Posted: October 7, 2014

Contributed by Ray Angers

Was this ever in question? After all, the introduction of the two tone flash unit on the iPhone 5s last year was universally praised for improving indoor picture quality.  In Apple’s words, the True Tone flash “variably adjusts color and intensity for over 1,000 combinations so photos taken with a flash appear more natural”.  The True Tone flash incorporated both an amber and a white LED into a pill-shaped module.  However, leaked pre-release images of the iPhone 6 showing a round flash aperture next to the camera lens lead some to speculate that Apple was returning to a single LED flash.  These rumours were invalidated when leaked component images showed that Apple had indeed developed a new round version of the True Tone flash.  The Apple community then launched into a debate on the aesthetic merits of pill-shaped versus round flash holes, but we won’t venture into that hornet’s nest.  What we’re interested in is what’s inside these flash units.

Below is what the flash modules look like after being extracted from their respective phones. The location of the white and amber LEDs is obvious.


With the fresnel lenses removed, we see that the structure of the LEDs is quite different.  The phosphor layers were left intact on the individual LEDs.  The LEDs found in the iPhone 5s have at least one additional component mounted to the package base besides the LED die itself (likely a protection diode).  These do not appear on the iPhone 6 flash.  X-ray images show these are encased under the white bumps of the module substrate. The active area of the light emitting chips is similar for both at approximately 1 mm2.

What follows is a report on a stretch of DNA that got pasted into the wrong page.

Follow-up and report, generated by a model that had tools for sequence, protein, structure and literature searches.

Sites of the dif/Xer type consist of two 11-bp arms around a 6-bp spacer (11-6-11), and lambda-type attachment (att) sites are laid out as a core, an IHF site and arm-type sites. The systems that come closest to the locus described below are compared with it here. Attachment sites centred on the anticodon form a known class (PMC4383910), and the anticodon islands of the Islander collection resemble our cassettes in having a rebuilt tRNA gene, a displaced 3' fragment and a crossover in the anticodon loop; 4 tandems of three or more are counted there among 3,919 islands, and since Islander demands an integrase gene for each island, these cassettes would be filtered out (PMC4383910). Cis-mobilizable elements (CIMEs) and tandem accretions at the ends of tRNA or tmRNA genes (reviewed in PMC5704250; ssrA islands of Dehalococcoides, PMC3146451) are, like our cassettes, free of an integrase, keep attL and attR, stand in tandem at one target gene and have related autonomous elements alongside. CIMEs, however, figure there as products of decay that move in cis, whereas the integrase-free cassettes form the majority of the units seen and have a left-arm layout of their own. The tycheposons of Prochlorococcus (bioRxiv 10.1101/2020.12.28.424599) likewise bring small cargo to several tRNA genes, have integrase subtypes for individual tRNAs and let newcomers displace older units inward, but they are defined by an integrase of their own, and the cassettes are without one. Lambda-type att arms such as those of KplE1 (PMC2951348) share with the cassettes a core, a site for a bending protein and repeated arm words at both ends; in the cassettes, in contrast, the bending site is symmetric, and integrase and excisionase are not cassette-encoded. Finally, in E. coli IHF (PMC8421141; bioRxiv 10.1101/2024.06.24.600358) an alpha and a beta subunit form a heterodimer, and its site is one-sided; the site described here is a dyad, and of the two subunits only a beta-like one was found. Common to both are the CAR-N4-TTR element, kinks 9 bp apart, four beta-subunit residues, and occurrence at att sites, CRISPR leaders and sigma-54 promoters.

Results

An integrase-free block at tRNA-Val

The X-ray images of the iPhone5s module also show a flip-chip interconnect structure on the LEDs similar to that observed on Philips LEDs that we have analyzed here in the past. While we’re confident that the LED chips found in iPhone6 are also connected to the package in a flip chip configuration, contacts have likely shrunk to the point where we can’t resolve them in these images. Philips had been rumoured to be the main supplier of iPhone flash modules in the past.  Perhaps that is no longer the case with Apple’s latest release.